“Gorno” Movies: Any Taboos Left?

 I’ve expressed concern in several posts over the so-called “torture porn” or “gorno” trend in movies–the Hostel movies, the Saw movies, Captivity, and so many more. I’ve enjoyed many scary movies, but I do wonder about people who delight in  so much extreme gore, evisceration, cannibalism, torture. And I have a lot of contempt for directors who get rich churning out this stuff–many of whom admit they wouldn’t let their own children watch it.

Here are two quotes from highly placed movie people–a producer and a leading critic. I find the first quite depressing:

  “There’s nothing you can do to a human being on screen that is taboo anymore,” says Oscar-winning writer-producer Akiva Goldsman. “Over and over again, people are breaking the boundaries of the body, hurting people, chopping people up, ravaging people…. For things to be truly scary, we’re going to have to find new boundaries to tread on.”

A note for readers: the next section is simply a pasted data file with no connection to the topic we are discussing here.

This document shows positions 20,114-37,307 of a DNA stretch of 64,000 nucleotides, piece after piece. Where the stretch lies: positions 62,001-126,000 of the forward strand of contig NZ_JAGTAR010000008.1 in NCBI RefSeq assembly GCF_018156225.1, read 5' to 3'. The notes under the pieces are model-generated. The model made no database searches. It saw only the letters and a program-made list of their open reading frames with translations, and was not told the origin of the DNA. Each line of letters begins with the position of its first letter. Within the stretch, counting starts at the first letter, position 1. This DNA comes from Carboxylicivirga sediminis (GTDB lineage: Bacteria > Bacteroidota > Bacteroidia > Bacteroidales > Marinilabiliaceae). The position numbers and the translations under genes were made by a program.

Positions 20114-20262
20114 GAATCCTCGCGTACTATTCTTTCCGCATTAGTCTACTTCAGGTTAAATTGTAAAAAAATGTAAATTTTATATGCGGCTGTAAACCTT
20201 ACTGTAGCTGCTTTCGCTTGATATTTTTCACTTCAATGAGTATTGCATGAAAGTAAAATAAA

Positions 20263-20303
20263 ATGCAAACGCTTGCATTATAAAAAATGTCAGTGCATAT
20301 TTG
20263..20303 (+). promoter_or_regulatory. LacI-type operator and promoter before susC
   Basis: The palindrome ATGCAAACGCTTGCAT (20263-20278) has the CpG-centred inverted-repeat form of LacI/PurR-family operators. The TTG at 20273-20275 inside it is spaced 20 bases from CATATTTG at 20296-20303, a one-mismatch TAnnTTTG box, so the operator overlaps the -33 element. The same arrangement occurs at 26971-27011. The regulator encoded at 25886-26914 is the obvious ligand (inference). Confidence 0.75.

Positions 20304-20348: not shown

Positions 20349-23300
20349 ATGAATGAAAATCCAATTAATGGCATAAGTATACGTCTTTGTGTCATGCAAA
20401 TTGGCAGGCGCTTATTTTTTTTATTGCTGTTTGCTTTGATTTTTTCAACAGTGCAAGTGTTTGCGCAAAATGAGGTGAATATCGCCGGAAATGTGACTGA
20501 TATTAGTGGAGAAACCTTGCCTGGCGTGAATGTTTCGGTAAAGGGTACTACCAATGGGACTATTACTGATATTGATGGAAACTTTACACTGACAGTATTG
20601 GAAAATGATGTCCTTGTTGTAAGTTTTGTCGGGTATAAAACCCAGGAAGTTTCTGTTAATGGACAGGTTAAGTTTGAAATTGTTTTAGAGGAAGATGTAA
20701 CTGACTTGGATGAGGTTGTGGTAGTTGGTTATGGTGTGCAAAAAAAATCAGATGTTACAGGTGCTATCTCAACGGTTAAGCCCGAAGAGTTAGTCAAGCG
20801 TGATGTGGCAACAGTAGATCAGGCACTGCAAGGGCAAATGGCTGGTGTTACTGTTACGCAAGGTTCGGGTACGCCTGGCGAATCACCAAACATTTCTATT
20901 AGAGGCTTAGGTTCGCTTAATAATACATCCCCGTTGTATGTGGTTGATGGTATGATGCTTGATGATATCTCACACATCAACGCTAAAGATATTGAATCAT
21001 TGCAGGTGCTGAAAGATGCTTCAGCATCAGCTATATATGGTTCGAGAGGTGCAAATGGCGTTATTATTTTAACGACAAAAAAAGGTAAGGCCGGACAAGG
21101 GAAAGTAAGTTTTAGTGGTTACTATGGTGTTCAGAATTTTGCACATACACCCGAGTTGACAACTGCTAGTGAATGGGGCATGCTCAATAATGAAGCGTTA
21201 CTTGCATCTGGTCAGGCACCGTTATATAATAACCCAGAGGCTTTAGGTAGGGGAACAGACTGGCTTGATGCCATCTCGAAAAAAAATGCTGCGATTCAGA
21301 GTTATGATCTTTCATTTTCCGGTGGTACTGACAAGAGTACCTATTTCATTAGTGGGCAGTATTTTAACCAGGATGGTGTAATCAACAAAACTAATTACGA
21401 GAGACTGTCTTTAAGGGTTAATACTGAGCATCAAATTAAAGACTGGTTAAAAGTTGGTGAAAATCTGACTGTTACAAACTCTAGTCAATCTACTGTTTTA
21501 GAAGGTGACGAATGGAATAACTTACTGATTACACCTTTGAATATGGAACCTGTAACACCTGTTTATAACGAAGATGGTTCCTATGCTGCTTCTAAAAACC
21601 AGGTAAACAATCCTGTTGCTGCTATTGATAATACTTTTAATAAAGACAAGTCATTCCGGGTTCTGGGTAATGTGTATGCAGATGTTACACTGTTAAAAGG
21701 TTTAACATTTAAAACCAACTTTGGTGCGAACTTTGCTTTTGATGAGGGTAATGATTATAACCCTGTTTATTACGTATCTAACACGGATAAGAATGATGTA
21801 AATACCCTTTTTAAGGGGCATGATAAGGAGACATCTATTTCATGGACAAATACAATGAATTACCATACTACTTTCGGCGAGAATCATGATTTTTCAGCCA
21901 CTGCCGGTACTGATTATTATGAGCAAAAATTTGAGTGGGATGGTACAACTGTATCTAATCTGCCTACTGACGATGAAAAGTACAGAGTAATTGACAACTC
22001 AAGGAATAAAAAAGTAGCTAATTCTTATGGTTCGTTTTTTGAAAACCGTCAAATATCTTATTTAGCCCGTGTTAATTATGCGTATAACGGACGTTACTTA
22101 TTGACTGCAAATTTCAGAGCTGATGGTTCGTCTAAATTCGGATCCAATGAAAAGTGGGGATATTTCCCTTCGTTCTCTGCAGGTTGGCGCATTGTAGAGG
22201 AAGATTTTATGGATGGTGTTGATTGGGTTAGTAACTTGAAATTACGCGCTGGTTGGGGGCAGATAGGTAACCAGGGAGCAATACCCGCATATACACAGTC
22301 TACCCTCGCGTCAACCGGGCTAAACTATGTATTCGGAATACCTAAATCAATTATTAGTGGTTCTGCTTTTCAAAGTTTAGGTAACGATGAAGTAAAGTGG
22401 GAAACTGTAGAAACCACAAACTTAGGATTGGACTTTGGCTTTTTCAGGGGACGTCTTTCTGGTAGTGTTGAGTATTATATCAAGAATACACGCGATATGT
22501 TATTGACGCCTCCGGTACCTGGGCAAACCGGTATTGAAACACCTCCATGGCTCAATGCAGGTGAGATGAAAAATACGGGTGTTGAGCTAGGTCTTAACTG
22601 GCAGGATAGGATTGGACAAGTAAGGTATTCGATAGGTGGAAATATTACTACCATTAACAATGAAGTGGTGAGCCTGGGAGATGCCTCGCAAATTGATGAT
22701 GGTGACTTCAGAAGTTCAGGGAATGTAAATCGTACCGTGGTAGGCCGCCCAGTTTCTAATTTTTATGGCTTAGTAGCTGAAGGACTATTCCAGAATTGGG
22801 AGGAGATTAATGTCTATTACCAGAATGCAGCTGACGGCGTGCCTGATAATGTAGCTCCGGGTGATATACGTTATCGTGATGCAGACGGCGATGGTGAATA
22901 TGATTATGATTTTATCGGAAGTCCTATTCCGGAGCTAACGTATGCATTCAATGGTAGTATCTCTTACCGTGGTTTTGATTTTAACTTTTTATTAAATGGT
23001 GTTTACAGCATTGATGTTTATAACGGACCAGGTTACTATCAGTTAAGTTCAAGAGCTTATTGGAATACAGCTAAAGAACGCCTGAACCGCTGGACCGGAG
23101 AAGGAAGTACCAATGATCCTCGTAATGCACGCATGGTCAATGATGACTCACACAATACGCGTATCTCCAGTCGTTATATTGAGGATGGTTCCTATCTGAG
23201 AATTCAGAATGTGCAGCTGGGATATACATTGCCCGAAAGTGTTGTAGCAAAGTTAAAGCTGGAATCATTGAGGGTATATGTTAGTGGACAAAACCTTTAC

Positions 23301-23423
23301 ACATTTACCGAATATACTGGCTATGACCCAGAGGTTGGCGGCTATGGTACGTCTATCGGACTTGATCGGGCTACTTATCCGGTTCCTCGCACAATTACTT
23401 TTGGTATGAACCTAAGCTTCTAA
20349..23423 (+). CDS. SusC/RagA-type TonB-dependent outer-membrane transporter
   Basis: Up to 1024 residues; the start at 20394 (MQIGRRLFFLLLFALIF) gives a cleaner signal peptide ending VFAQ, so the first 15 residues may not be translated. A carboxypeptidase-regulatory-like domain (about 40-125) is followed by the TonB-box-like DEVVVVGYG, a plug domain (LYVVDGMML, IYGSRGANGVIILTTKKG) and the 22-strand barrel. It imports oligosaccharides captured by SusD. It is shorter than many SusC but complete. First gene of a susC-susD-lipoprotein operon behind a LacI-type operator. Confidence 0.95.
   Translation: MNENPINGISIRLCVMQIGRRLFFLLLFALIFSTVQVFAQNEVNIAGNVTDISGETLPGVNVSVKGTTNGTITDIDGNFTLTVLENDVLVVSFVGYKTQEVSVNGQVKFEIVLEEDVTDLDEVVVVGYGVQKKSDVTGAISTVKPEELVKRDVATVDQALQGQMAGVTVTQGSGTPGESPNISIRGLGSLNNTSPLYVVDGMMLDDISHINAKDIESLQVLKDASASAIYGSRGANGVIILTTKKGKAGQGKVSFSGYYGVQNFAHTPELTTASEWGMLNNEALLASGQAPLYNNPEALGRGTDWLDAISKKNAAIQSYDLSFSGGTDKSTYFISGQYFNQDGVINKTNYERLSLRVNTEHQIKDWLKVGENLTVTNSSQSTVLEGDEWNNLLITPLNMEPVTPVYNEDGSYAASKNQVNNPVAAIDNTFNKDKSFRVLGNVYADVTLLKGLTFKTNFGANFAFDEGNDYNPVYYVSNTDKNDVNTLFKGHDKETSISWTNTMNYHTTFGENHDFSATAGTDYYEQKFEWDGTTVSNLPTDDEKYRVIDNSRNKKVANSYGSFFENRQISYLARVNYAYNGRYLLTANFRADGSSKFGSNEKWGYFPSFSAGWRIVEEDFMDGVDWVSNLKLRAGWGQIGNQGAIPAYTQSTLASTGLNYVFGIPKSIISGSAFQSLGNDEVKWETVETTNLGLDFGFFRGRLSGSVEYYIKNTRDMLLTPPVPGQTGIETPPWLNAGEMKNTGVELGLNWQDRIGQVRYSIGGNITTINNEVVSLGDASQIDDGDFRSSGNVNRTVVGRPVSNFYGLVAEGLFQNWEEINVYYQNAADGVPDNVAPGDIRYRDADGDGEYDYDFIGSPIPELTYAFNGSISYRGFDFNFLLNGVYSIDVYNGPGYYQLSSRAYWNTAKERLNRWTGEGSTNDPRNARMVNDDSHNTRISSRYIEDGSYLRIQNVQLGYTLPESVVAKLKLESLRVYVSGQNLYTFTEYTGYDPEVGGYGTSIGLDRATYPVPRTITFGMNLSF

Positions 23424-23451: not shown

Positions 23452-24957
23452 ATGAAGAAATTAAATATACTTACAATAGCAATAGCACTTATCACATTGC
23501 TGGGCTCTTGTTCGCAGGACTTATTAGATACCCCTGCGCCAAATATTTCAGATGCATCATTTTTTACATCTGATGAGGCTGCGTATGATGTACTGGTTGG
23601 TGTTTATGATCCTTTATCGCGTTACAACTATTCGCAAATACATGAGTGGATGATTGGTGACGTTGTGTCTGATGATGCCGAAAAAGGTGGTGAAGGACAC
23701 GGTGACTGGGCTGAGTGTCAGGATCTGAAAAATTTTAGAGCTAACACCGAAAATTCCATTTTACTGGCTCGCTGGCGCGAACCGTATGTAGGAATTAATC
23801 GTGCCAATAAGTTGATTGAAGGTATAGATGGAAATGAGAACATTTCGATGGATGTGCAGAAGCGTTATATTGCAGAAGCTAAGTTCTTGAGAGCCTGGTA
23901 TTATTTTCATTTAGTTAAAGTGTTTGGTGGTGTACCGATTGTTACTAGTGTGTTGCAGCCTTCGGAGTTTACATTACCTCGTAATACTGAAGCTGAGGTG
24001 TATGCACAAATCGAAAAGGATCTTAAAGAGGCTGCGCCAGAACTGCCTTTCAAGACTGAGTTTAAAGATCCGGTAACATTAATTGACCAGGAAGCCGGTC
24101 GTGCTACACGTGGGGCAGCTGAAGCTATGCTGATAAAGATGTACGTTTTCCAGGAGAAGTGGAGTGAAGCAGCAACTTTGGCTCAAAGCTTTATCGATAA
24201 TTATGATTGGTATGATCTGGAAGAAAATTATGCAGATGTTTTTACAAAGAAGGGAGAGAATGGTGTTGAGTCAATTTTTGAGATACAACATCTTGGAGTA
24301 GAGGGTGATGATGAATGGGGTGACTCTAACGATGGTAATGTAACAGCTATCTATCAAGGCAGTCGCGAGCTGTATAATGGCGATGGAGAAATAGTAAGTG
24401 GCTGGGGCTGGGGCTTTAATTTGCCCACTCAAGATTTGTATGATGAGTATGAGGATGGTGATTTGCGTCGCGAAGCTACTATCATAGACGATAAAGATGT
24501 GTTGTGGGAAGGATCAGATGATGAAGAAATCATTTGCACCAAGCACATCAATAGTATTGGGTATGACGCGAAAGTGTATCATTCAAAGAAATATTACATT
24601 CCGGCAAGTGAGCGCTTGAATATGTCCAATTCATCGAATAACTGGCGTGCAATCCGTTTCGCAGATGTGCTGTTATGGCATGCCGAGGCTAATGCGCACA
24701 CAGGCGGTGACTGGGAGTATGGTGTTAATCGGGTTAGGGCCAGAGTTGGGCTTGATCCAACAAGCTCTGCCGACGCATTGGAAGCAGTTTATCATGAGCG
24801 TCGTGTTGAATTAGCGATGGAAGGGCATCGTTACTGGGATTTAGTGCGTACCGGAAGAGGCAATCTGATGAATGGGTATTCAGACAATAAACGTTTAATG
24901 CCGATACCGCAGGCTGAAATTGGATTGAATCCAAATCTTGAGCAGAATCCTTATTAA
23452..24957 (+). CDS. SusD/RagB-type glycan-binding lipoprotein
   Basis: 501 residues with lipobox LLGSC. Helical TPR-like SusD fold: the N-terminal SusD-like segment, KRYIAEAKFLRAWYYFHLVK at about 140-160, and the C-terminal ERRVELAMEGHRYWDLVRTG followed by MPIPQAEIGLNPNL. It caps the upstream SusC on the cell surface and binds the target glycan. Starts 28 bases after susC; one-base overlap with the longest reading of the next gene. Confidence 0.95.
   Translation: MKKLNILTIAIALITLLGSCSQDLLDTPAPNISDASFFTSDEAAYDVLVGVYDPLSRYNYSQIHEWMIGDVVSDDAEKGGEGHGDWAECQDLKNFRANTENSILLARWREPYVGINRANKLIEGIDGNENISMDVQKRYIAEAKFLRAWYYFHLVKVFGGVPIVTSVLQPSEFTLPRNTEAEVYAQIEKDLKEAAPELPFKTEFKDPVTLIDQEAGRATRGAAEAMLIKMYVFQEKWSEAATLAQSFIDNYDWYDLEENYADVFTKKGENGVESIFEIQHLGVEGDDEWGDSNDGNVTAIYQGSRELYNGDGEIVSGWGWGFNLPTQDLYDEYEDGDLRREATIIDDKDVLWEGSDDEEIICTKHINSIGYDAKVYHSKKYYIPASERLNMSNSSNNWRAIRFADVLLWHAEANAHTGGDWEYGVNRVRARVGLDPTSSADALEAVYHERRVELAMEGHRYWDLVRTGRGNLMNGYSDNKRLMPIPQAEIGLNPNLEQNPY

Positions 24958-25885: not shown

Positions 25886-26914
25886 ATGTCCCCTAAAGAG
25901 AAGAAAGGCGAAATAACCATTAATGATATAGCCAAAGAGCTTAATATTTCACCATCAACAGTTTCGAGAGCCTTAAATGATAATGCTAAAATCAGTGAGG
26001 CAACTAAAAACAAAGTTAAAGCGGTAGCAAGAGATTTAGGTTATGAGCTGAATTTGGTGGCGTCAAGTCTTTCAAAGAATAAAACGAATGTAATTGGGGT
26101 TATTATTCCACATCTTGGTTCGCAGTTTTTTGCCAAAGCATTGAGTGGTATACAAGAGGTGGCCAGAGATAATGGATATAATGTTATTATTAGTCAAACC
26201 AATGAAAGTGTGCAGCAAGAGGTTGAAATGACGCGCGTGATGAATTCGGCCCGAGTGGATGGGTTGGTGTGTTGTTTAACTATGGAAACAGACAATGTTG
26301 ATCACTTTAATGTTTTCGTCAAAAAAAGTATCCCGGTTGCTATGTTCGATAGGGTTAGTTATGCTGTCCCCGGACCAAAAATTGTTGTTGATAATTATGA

What a sad and frightening prospect.  Hard to imagine what “boundaries” are left, if you’ve read even a summary of these flicks. But here’s a more encouraging statement from Entertainment Weekly movie  critic Lisa Schwarzbaum:

My colleague Owen Gleiberman describes the majority of Captivity as being ‘not sick enough to disturb anyone who’d go to see this film.’  For the sake of readers who appreciate guidance in the nuances of the genre referred to as  ‘torture-porn horror,’  I’m glad Owen took the assignment. I wouldn’t.

It’s quite simple: I hate these movies. I won’t see these movies. Never saw Saw or its sequels, never will. I’m not impressed with the ‘quality’ of the gore or the ‘wit’ of the filmmaking. I’m not enjoyably scared; I’m horrified. … My horror is one of disturbance and anger: Who makes this vile crap? What is remotely defensible about a movie like Captivity, in which a woman is abducted and tortured for the sake of ticket sales? Nothing, that’s what.”

That’s a refreshing view unlike that of  many reviewers, who have seen so much of this stuff they’re already beyond shock and disgust. And that’s  a scary place to be.

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